Songs that reduced worker productivity
The following songs resulted in a 4.71% average reduction on the performance index.
Beyonce – ‘Crazy In Love’ – This song proved a disaster. Evesham did interview a sample of respondents and found a couple of problems. Firstly it created a feeling of inadequacy fueled by the ‘perfect image’ of the performer. It also created a number of health problems as many were signed off sick for muscular pain and RSI which Evesham fails to explain in the report. Evesham advises against any songs by Beyonce or Destiny’s Child at work.
‘Stuck In The Middle With You’ – Stealers Wheel – Again Evesham found this song to be problematic for two reasons. Firstly the title seemed to remind people of the inadequacy of organisational leadership that was reinforced by the lyrics as follows:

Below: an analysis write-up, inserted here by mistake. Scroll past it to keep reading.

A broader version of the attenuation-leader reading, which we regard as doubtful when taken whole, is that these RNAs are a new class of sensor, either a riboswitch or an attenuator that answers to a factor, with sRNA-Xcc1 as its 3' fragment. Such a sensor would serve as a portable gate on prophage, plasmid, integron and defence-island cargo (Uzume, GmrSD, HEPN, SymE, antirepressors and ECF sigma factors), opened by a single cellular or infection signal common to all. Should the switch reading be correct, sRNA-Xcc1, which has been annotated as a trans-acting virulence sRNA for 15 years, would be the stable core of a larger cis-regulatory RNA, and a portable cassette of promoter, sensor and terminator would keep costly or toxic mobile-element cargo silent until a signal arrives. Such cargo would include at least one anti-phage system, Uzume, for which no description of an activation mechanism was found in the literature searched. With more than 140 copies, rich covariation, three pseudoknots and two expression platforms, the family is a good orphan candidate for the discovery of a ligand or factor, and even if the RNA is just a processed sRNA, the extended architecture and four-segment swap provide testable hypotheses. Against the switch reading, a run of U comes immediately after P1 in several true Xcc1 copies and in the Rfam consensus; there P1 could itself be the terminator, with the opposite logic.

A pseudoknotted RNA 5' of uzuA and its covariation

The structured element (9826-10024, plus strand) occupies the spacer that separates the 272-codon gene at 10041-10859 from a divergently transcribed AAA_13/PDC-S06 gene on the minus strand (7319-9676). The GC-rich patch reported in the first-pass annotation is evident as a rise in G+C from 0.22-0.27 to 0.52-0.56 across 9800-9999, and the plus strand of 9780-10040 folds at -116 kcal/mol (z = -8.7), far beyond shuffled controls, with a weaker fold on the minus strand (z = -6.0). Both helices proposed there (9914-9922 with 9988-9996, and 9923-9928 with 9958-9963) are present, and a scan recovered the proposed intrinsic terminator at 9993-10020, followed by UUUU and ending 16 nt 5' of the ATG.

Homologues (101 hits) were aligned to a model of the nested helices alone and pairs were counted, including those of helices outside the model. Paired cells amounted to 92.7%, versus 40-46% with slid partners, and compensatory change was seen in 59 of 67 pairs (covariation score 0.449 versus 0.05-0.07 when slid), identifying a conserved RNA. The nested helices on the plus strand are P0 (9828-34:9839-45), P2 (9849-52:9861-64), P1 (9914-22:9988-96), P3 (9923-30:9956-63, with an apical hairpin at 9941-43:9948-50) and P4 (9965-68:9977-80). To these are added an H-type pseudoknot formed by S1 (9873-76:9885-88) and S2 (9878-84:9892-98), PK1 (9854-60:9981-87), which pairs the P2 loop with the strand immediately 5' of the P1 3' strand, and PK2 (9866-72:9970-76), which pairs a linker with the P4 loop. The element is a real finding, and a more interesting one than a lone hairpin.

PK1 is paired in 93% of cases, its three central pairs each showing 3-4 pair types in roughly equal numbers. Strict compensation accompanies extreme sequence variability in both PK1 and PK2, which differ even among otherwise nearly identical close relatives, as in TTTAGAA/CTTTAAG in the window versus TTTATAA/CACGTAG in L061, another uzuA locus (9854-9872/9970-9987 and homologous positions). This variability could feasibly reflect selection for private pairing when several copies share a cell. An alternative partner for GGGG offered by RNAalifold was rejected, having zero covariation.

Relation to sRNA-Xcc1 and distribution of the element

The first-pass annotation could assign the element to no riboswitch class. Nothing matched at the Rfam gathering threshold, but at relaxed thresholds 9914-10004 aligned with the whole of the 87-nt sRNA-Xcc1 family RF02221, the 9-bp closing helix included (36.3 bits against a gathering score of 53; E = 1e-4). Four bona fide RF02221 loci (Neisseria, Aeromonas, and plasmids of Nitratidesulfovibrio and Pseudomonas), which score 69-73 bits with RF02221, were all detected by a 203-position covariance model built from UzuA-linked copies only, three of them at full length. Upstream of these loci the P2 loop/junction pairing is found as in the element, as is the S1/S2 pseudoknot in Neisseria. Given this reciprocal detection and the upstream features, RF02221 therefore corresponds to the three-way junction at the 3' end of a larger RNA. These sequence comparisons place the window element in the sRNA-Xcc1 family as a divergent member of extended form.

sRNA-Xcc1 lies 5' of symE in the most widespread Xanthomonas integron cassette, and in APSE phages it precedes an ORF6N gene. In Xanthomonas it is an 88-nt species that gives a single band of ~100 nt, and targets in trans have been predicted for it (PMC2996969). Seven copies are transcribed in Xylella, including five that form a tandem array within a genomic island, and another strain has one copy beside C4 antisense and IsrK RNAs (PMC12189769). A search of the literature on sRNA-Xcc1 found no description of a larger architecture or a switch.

I’m so scared in case I fall off my chair,
And I’m wondering how I’ll get down the stairs,
Clowns to the left of me,
Jokers to the right, here I am,
Stuck in the middle with you.
Perhaps more worrying was that, even when played at low volumes, many listeners would take knives from the canteen and dance around colleagues in a threatening way. Evesham does report on two cases of gross misconduct as a result.
‘Born To Run’ – Bruce Springsteen – Something of a dilemma this one. Initially this song had great results. People felt uplifted and energised and there was a 3.87 increase in productivity. It was only through a test-retest validity sample that Evesham found that the initial productivity improvement was much lower when you factored in employee retention. It seemed that this song created a strong dissatisfaction with organisations systems which resulted in a three fold increase in employee turnover. In one case example four workers announced their resignation in the same week. They were last seen heading for the Dartford Crossing on motorcycles.